Corruption in Kazakhstan is a major obstacle to FDI: MP05 june 2014, 12:13
Bribe. This is the only way to obtain a public service in Kazakhstan, MP Tursunbek Omurzakov is quoted by Tengrinews as saying.
The MP declared that despite the Government's attempts to improve the business climate in Kazakhstan, their efforts did not have the desired effect. All because of bribes.
Numbers show that the investment climate in Kazakhstan has become less attractive, Omurzakov said quoting the National Bank's report that showed that in 2013 the gross inflow of direct investment in Kazakhstan decreased by 17 percent.
Citing the recent report of Transparency International, an international watchdog, Omurzakov declared that the scale of corruption in Kazakhstan was steadily growing. “In the recent report of Transparency International Kazakhstan was ranked 140th out of 180 countries, sliding down 7 lines. The NGO believes that despite the measures adopted by the Kazakhstan leaders in order to develop the economy and attract investment, corruption is becoming a major obstacle to doing business in the country. According to the study, a bribe is the only way to obtain a public service. 33 percent have paid bribes to speed up the process of being provided public services, while 39 percent have given bribes in the form of gifts,” said Omurzakov during the review of the draft amendments to the legislation on improving the investment climate.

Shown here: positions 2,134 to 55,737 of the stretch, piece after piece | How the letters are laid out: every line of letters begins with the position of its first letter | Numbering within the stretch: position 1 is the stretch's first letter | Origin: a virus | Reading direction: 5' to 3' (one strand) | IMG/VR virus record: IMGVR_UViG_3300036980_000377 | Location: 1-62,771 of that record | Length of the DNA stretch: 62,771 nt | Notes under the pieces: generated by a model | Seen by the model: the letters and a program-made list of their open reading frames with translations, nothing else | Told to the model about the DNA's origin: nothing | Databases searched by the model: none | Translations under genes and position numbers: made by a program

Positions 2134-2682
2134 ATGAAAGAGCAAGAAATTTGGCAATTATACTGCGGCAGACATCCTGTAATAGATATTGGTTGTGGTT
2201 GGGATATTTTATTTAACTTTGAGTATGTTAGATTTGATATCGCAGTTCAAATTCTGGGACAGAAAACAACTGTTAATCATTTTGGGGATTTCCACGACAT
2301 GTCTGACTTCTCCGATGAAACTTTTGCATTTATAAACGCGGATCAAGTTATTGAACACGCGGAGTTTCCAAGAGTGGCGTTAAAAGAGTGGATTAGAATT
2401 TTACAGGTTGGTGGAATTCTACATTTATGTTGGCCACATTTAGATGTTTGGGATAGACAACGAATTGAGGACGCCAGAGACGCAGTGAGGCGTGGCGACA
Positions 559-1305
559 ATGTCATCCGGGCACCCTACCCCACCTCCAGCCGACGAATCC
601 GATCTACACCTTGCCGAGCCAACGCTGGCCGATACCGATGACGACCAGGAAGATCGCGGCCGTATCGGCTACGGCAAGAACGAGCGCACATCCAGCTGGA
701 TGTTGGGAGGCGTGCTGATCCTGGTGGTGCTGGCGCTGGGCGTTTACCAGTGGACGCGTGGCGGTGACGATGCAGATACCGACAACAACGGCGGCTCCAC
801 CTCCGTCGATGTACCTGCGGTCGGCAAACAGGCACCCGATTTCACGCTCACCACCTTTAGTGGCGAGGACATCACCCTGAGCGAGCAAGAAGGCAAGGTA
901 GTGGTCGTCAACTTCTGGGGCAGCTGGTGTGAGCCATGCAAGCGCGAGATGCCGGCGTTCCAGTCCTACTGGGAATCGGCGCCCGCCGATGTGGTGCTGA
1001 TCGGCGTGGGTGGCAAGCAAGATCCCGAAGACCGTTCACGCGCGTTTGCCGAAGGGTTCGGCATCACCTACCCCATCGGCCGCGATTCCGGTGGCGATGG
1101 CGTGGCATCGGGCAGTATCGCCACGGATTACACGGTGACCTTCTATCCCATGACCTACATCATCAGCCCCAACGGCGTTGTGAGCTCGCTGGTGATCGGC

Omirzakov also referred to the research made by Ernst and Young consulting firm that concluded that in the upcoming three years about three quarters of all foreign direct investments would be made in the traditional industries of Kazakhstan - energy and mining. Kazakhstan’s economy is based on export of raw materials, while light industries - clothes, shoes, furniture, consumer electronics and home appliances - remain highly underdeveloped. The worsening of the investment climate is hardly helping the development in the light industries.
Omirzakov also talked about potential investors being not fully aware of Kazakhstan’s investment potential. "75 percent of investors who are not represented in Kazakhstan, could not even name a single city in Kazakhstan that they considered attractive for investments," he said.
However, the MP is sure that the government will take notice of the points he outlined.
Earlier this year Kazakhstani government put forth a new package of incentives to attract foreign investors, so the Government is clearly concerned about improving the situation.
Reporting by Renat Tashkinbayev, writing by Dinara Urazova editing by Tatyana Kuzmina